We wonder, though, if there will be universal embrace of this film in Greater Janeiteland. It is quite faithful to the original, though there are some added characters and scenes, and we think only the nittiest of nitpickers will find fault with it from the standpoint of fidelity to Austen’s original. However, L&F is not the kind of film that most people would think of when they think of a “Jane Austen movie.” The setting is Georgian (roughly late 1780s from what we could tell), so no high-waisted Regency gowns, and more to the point, there is no grand romantic story. Many critics of “Jane Austen movies” have pointed out that nearly all the film adaptations focus on the romantic story–the marriage plot, if you will–to the exclusion of much of Austen’s sharp humor and social commentary. There is a romance in L&F, and it’s slightly more romantic than in the novella, but as in the original, most of the characters look upon marriage less as the result of romantic love than as a business contract. However, that’s the book that Jane Austen wrote, and we are absolutely thrilled that Stillman presented it that way. We think the fact that it is an independent production, as befits a film presented at Sundance, meant that Stillman wasn’t forced to cater to a desired audience, for instance one that would expect to swoon over heartfelt romance. Don’t expect that in L&F, because it’s not there.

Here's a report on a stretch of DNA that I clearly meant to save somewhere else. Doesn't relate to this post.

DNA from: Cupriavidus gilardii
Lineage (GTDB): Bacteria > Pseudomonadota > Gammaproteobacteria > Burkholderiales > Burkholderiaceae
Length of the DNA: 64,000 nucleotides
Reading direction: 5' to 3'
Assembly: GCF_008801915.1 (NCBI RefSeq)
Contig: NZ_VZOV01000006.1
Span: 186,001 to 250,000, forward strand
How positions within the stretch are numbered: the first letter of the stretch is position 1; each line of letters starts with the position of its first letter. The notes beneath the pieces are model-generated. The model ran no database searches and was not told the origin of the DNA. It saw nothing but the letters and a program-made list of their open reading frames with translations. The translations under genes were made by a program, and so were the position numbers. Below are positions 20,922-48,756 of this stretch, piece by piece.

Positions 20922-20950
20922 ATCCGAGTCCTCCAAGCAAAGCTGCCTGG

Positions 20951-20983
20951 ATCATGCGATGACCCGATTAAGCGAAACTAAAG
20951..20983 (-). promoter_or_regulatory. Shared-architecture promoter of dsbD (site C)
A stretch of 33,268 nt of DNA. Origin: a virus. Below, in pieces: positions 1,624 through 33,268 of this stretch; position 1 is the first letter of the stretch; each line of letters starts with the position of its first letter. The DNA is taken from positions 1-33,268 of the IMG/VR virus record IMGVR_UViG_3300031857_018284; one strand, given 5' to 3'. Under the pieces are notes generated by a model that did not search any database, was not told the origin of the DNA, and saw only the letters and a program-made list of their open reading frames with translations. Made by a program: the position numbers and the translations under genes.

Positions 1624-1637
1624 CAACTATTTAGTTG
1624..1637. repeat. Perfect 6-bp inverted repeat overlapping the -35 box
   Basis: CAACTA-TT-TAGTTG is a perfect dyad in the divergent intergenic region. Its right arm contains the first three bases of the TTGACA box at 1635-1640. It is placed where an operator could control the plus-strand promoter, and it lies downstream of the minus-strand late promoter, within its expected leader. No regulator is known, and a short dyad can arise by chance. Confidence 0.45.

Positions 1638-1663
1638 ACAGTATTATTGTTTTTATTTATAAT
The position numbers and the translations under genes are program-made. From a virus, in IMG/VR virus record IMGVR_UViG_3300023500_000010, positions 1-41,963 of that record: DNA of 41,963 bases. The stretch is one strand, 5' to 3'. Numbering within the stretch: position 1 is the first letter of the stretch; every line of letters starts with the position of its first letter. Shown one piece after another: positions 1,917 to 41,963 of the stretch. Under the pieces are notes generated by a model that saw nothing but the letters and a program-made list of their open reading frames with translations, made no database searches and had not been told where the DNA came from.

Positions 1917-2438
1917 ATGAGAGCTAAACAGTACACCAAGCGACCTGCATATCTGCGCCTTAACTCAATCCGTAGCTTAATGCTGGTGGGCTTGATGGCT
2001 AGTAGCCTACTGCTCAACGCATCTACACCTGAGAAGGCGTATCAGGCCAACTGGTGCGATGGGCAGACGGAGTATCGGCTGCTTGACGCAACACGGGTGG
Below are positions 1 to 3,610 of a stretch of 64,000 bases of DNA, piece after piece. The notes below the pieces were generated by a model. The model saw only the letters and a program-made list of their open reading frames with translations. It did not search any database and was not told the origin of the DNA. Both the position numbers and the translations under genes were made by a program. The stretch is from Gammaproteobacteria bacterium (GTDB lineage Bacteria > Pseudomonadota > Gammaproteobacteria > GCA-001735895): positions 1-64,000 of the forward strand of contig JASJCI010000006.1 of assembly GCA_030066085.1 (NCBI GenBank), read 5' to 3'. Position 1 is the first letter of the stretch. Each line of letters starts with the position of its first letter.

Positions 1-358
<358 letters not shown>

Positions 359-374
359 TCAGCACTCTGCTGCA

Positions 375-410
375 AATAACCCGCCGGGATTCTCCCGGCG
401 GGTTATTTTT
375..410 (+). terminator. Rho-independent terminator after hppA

Also, it’s sort of a typical Stillman movie in that there are a lot of people sitting around and talking. Action is confined to carriages rolling up to and away from gorgeous country estates. People walk and talk within the houses and out on the lawns wearing gorgeous costumes and huge, elaborate Georgian hairstyles. It’s delightful to look at, but it’s a quiet movie–not quiet like the 1995 Persuasion adaptation, which is more introspective than L&F, but quiet like real life. The plot is moved forward almost entirely by dialogue. We liked it very much, but are not sure that it will be to everyone’s taste.
But if you’re looking for a truly amusing film for grownups who love Jane Austen for the way she wrote as much as what she wrote, Love & Friendship will be just your cup of tea–a wee bit bitter, but well-sweetened with dripping honey, just like Lady Susan herself.
*Apparently the title has acquired an ampersand.
Disclaimer: the Editrix went to the Sundance Film Festival and the L&F screening of her own choice and completely at her own expense. The producers did not contribute or facilitate her attendance in any way.
ETA: Made a few corrections and clarifications, and added information about the soundtrack.